Lot 544. A pair of famille-rose green-ground Tibetan-style vases, bumpa, Jiaqing seal marks and period (1796-1820). Height 8 in., 20.5 cm. Estimate 50,000 - 70,000 USD. Lot Sold 143,750 USD. Courtesy Sotheby's.
each with a spherical body supported on a tall splayed foot and surmounted by a conical fluted domed neck, the body exuberantly painted with the 'Eight Buddhist Emblems' interspersed with scrolling lotus blossoms against a bright lime-green ground, above bands of upright lappets encircling the lower body and foot, and below a border of pendent pink ruyi at the shoulder, the neck enameled with vertical bands of color below a pink-ground border of floral scrolls at the rim, all divided by gilt borders, the base enameled turquoise with a six-character seal mark in ironred, both vases missing their original disc-shaped mouths (2).
Provenance: Collection of Grand Duke Nicholas, Petrograd, 1917.
Collection of William Boyce Thompson (1869-1930), and thence by descent.
Note: In both form and design, these ritual vases are steeped in Tibetan Buddhist practice yet also represent the opulent Sino-Tibetan aesthetic developed to suit the taste of the Qing emperors.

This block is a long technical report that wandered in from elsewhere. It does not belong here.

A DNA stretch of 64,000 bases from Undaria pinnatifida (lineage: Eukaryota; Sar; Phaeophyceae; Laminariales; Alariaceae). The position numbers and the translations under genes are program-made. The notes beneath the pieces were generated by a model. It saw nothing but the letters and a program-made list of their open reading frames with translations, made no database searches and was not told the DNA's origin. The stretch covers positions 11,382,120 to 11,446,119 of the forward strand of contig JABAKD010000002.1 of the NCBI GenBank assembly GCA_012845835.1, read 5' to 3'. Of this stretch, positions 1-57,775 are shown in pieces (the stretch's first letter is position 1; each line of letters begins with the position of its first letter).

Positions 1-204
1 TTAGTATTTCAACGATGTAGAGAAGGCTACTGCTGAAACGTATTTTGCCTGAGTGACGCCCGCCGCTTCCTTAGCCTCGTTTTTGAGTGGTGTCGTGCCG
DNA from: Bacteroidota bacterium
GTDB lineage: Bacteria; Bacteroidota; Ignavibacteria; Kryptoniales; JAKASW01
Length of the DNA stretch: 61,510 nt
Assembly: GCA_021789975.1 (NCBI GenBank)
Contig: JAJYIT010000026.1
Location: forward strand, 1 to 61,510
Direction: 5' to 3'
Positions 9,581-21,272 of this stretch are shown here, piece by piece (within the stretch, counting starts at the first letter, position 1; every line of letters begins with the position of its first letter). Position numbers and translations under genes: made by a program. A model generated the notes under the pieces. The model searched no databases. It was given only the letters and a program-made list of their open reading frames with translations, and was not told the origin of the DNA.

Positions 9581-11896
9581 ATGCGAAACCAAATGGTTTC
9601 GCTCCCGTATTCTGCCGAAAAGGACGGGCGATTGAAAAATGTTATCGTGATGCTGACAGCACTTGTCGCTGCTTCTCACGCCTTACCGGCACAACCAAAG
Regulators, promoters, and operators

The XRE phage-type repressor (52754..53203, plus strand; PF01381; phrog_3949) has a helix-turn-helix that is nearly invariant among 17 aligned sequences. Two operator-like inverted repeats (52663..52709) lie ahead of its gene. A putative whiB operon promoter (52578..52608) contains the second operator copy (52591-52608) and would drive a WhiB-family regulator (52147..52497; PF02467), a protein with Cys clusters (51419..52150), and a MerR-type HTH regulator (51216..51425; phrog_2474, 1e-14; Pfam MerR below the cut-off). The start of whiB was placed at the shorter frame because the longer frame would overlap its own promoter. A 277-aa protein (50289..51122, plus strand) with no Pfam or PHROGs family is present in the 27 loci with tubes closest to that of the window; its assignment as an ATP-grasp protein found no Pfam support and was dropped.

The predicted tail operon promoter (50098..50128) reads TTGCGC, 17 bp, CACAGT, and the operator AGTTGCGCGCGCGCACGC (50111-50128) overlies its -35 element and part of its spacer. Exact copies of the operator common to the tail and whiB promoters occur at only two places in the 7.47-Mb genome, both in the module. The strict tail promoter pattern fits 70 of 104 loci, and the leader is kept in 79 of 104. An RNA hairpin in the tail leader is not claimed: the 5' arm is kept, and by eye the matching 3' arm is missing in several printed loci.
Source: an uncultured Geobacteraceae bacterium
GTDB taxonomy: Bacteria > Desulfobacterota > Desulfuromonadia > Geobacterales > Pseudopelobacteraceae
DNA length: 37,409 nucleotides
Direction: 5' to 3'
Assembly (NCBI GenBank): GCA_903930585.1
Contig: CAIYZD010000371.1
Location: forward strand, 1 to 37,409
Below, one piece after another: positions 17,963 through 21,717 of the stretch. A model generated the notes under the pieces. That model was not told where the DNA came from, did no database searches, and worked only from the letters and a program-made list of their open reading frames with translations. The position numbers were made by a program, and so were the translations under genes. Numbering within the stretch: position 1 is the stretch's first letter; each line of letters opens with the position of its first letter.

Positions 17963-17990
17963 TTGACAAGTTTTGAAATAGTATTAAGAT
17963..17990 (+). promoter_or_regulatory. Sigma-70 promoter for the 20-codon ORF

The form is modeled after Tibetan metal prototypes known as bumpa. During rituals these vessels were used to hold sacred flowers or peacock feathers as they are believed to have the power to cleanse the heart of practitioners from evil. An emblem of Amitayus, these vases were also used during longevity rituals whereby the vase was filled with water that could be consecrated and transformed into an 'elixir of immortality' by practitioners who evoked the deity’s name. Bronze bumpaoften appear on contemporaneous paintings and thangka where they are covered in colorful brocaded cloths, which may have inspired the luxurious bajixiang ('Eight Buddhist Emblems') and lotus scroll design on this vase.
Compare a Qianlong period green-ground vase in the Shanghai Museum, illustrated in Qian Zhenzong, Qingdai ciqi shangjian [Appreciation of Qing dynasty porcelain], Shanghai, 1994, pl. 148; and another sold at Christie's London, 6th November 2006, lot 230. A Qianlong mark and period ruby-ground version, also lacking the drum-shaped section below the mouth, was published in Treasures of Official Porcelain. Official Kiln Porcelain of the Qing Dynasty Collected by Hangzhou Tu Huo Zhai Museum of Antique Ceramics, Hangzhou, 2011, pl. 133.
William Boyce Thompson (1869-1930) was an American mining engineer, financier, philanthropist and founder of Newmont Mining, today the world's second-largest producer of gold. Thompson visited Russia before the revolution, and again in 1918, just after the tumultuous uprising, where he served as a member of the American Red Cross relief mission that also hoped to encourage formation of a democratic government in Russia. During his lifetime, Thompson formed a significant collection of gems and minerals, which upon his death was largely gifted to the American Museum of Natural History, New York.
Sotheby's. Important Chinese Art, New York, 20 march 2019